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Artisan and Pachacamac Tour

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Why Book This Tour?

  • Unique and Authentic Tours
  • Responsible and Sustainable
  • Respectful Exchange with Locals
  • Alternative and Off the Beaten Path

Got a Question?

Do not hesitate to contact us through WhatsApp. We are happy to help!

+51 971 269 423

info [at] alternativeperu.org 

Tour Details

On the Pachacamac tour, you’ll travel 30 km south of Lima while seeing the landscape change from the beautiful views of the coast to the dry desert to finally arrive to the impressive archaeological complex of Pachacamac. In the afternoon, you’ll go off the beaten path and visit a local neighborhood known for its talented artisans and beautiful handicrafts.

  • Visit the most important archeological site of Lima
  • Learn about the various pre-colonial cultures of Lima
  • Enjoy a local lunch at an artisan family's home
  • Visit the workshops of local artisans
  • Visit a local neighborhood and go off the beaten path

Departure & Return Location

Pick-up from hotels in central areas. Pick-up at cruise shuttle stop or airport available for an additional fee.

Meeting Time


Price Includes

  • Lunch at a local family's house
  • Bilingual tour leader
  • Local artisan guide in the community
  • Private transportation
  • All activities
  • Donation to the artisan cooperative

What to bring?

  • Sunscreen and a hat
  • Comfortable, closed shoes
  • Water
  • Sweater and/or light coat (May - October)
What to Expect

Lima’s largest archaeological site

Pachacamac is the most important archaeological site in coastal Peru and consists of more than 20 pyramids. It was the main sanctuary of the Andean coast for more than 1500 years.  Today, Pachacamac shelters the remains of more than 50 temples and buildings making it the largest archaeological complex in Lima. Construction started about 200 A.D. and each succeeding culture added their own temples. On the Pachacamac tour, your guide will show you around the remains of temples from different pre-colonial civilizations and in the modern Pachacamac museum, where various artefacts of the different cultures that used to occupy this sanctuary are kept.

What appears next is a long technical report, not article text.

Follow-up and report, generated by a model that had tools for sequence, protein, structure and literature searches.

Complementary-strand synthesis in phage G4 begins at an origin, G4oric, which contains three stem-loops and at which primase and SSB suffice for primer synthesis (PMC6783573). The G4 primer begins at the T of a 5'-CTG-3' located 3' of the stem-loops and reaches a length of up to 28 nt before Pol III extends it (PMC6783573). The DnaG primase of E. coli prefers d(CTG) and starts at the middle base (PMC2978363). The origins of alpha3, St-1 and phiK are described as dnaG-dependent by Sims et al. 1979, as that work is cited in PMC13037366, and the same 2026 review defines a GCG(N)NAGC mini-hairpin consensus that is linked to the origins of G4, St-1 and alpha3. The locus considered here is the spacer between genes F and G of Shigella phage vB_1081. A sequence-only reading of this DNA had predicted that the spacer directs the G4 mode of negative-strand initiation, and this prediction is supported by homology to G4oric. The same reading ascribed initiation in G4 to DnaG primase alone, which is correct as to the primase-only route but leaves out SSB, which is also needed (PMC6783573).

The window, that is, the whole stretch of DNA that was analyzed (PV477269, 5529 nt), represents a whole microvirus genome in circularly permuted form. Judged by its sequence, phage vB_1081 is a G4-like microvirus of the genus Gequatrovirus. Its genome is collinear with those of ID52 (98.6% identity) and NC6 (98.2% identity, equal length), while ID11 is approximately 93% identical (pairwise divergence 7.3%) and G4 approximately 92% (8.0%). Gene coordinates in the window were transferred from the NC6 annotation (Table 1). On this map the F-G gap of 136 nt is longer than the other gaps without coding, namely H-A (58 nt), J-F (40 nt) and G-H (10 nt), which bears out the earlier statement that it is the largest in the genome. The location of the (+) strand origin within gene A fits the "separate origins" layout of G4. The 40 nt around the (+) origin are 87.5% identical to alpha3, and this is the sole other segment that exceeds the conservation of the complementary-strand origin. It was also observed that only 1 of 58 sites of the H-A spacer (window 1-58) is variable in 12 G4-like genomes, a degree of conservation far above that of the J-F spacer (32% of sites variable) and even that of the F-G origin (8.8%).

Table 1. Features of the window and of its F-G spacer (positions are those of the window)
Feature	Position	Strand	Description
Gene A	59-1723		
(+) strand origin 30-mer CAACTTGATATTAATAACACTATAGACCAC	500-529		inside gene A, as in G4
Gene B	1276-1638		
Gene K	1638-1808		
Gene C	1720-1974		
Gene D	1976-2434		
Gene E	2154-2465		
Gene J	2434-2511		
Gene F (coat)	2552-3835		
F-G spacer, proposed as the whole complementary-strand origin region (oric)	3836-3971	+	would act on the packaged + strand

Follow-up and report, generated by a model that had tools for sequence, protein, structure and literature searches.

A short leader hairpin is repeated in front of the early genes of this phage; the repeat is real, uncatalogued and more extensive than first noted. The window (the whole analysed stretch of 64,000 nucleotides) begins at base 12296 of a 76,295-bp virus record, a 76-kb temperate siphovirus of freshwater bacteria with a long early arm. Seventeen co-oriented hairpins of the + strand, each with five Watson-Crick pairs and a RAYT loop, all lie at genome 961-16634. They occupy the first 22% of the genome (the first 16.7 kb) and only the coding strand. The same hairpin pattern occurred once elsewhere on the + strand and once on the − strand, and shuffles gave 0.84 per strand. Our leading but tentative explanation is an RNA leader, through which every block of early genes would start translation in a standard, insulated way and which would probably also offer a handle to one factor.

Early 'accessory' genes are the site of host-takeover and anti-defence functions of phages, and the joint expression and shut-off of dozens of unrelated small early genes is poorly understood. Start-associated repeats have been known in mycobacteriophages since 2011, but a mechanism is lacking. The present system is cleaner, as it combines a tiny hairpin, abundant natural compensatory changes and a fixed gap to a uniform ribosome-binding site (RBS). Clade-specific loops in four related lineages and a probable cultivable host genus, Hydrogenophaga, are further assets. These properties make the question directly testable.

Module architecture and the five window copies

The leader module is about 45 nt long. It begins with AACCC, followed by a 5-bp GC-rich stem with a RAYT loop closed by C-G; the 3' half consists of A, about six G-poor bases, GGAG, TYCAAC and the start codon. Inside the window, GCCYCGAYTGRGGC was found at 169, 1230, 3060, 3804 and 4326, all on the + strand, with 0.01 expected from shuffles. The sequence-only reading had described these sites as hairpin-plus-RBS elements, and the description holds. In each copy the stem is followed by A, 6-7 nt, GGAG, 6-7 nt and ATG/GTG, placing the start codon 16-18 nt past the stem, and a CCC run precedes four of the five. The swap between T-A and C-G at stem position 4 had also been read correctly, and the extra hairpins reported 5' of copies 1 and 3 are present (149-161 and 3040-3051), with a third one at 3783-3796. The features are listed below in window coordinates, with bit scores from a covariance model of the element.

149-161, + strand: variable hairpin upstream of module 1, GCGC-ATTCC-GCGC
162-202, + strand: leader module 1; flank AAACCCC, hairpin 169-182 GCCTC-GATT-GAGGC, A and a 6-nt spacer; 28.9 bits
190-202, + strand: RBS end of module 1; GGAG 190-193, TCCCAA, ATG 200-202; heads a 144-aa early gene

Local experience on a visit of artisan workshops

After the Pachacamac tour, you’ll head to a close-by local neighborhood that houses many artisans from Ayacucho who fled the violence of the Shining Path in the 80’s and 90’s by moving to the outskirts of Lima, which you will hear more about during your visit. You’ll first have lunch with a charming local family in their house and share some life stories and conversations. In this neighborhood, local artisans continue to make the traditional handicrafts and art from Ayacucho. With a full stomach, you’ll visit workshops where they make textiles, ceramics and other beautiful handicrafts. The artists will show you their work and explain how they make these pieces of art. In a place where the government is mostly absent, these people have built their own community and are developing and maintaining the local economy with their art. You’ll leave this place very inspired and perhaps with a few authentic souvenirs (completely optional of course).

How does your visit leave a positive footprint?

Though there is an increased interest in Peruvian handicrafts, the art and the trade is slowly disappearing because the younger generation does not see a future in the artisan trade. Unfortunately, many young people won’t continue the family trade because they cannot make a good living as an artisan. This is of course completely understandable but such a shame, since it’s such an important part of Peruvian culture going back many centuries. Your visit shows the younger generation that it is important to conserve these traditions and that people who come from across the world are interested in learning more about the artisans and about their art.

At the same time, your visit also supports the local artisans’ cooperative. By organising themselves in a cooperative, they can negotiate better prices, which is very important since low prices are another serious threat to the trade. Nowadays, in the touristic areas of Lima but also Cusco and other touristic places, handicrafts that are made in large quantities in factories are sold at very low prices. In order to compete, artisans often have to sell their art for a very low price as well. As a result, it becomes harder and harder to make a living as an artisan.